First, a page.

Photo of Lillian K. Saba And John K. Kline

Exceptional Representation

Exceptional Results

Alarming facts about distracted driving

On Behalf of | Aug 8, 2016 | Distracted Driving |

Distracted driving is a deadly plague on American roads. According to, 3,179 people were killed in vehicle accidents as a result of distracted driving. The first thing that comes to mind with regards to distracted driving is texting. While this is one factor, distracted driving can involve anything that takes your eyes away from the road such as talking on the phone, eating, or even using your navigation system. Here are some other things you should know about distracted driving.

Hands-free devices are not safer

According to the National Safety Council, 26% of all car crashes involve one of the drivers’ uses of a cell-phone. This includes drivers who were using hands-free devices.

What’s more alarming is that at any given moment during the day, upwards of 9% of drivers are using their cell phones.

Texting at red lights is not safe

According to AAA’s Foundation for Traffic Safety, distracted driving doesn’t stop when you press send on your smartphone. Drivers who text while a traffic light experience an average of 27 seconds of lag time before becoming fully engaged while driving once the light turns green.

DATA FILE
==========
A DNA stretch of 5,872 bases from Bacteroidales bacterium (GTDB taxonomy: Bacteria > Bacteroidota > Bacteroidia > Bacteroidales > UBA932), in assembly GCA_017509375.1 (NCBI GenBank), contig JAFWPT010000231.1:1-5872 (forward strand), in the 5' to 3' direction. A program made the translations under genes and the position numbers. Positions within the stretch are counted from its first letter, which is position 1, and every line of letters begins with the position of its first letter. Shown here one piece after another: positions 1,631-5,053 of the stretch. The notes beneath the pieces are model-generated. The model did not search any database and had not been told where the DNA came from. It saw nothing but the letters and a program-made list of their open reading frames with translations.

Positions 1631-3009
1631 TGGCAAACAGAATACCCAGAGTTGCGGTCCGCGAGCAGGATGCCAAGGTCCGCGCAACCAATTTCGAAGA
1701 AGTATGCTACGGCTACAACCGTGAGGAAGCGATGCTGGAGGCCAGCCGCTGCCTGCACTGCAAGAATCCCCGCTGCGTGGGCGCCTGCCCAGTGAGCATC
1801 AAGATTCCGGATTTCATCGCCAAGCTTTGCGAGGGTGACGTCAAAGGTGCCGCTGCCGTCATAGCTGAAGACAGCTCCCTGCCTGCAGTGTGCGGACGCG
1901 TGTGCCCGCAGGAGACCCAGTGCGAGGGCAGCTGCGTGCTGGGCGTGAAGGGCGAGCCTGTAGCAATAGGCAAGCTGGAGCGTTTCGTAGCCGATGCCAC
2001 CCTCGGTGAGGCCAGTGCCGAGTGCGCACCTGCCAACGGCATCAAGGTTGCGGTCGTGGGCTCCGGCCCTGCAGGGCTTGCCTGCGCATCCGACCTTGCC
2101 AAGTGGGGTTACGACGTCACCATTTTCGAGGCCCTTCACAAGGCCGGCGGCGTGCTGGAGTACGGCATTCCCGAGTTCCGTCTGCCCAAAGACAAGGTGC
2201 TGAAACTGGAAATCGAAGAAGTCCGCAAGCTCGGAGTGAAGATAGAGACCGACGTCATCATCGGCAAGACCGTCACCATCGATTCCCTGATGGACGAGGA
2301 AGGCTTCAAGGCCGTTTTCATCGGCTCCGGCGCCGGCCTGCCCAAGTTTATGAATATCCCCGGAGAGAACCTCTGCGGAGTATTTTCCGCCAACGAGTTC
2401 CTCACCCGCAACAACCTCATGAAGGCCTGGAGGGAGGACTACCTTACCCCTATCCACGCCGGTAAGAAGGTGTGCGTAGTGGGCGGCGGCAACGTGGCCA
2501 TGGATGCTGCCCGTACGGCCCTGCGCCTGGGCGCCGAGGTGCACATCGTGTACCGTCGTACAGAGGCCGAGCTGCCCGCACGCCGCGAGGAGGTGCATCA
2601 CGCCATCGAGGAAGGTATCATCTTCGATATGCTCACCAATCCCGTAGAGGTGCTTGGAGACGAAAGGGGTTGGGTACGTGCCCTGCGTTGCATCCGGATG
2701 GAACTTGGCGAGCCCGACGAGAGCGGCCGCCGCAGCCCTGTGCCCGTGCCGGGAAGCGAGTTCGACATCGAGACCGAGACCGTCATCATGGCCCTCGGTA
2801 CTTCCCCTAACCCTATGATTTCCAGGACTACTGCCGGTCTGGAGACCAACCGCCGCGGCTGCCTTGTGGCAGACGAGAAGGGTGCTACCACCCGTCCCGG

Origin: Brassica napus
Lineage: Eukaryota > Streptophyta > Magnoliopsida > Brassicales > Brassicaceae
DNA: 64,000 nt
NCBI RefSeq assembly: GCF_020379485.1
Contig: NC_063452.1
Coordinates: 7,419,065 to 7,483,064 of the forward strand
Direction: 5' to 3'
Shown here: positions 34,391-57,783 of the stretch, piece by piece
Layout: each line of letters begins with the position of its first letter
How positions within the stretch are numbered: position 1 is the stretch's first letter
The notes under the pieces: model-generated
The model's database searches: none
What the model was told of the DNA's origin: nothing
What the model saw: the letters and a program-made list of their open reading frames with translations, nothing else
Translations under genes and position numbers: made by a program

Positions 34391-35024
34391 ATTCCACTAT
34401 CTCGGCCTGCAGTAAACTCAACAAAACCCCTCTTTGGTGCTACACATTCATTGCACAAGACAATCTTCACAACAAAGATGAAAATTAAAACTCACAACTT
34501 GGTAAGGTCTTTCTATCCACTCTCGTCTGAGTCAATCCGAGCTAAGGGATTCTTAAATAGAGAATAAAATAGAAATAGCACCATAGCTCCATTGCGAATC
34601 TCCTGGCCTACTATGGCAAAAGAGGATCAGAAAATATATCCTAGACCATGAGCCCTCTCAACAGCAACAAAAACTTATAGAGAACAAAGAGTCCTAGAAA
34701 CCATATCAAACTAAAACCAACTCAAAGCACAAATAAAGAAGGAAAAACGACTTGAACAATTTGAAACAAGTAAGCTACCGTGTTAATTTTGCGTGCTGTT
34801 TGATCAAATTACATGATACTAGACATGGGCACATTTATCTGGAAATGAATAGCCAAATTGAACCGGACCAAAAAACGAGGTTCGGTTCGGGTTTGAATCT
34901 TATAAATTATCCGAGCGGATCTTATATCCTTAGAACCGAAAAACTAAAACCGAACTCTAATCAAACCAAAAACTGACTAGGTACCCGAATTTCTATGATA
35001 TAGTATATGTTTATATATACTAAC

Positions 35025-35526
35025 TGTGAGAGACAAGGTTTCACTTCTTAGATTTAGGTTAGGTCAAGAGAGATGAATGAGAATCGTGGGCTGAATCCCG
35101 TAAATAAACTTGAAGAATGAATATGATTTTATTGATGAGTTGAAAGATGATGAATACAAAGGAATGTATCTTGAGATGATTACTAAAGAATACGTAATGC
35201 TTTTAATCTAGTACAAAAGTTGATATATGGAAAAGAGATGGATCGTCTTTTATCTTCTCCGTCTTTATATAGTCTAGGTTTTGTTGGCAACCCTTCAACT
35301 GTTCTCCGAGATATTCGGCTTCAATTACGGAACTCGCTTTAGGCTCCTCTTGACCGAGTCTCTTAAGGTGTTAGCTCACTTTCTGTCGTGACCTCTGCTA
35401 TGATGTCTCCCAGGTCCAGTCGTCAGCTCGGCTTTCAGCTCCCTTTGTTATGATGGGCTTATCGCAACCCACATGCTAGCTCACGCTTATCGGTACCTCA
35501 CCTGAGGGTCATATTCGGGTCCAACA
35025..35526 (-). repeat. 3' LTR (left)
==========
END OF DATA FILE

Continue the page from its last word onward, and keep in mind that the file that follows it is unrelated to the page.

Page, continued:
Texting is more dangerous than drunk driving

On its surface, one might think that drunk driving is far more dangerous than distracted driving. A University of Utah study found that distracted driving was far more dangerous than driving drunk. The results showed higher incidents of vehicle accidents (3 vs. 0) and much slower reaction times (3 seconds vs. 1.9 seconds).

With the advances made in technology related to smartphones and other devices, distracted driving continues to be an issue.

For the injured, the consequences of distracted driving can last a lifetime. If you or a loved one has been injured in an accident caused by a distracted driver, talk to an experienced personal injury attorney who can protect your rights.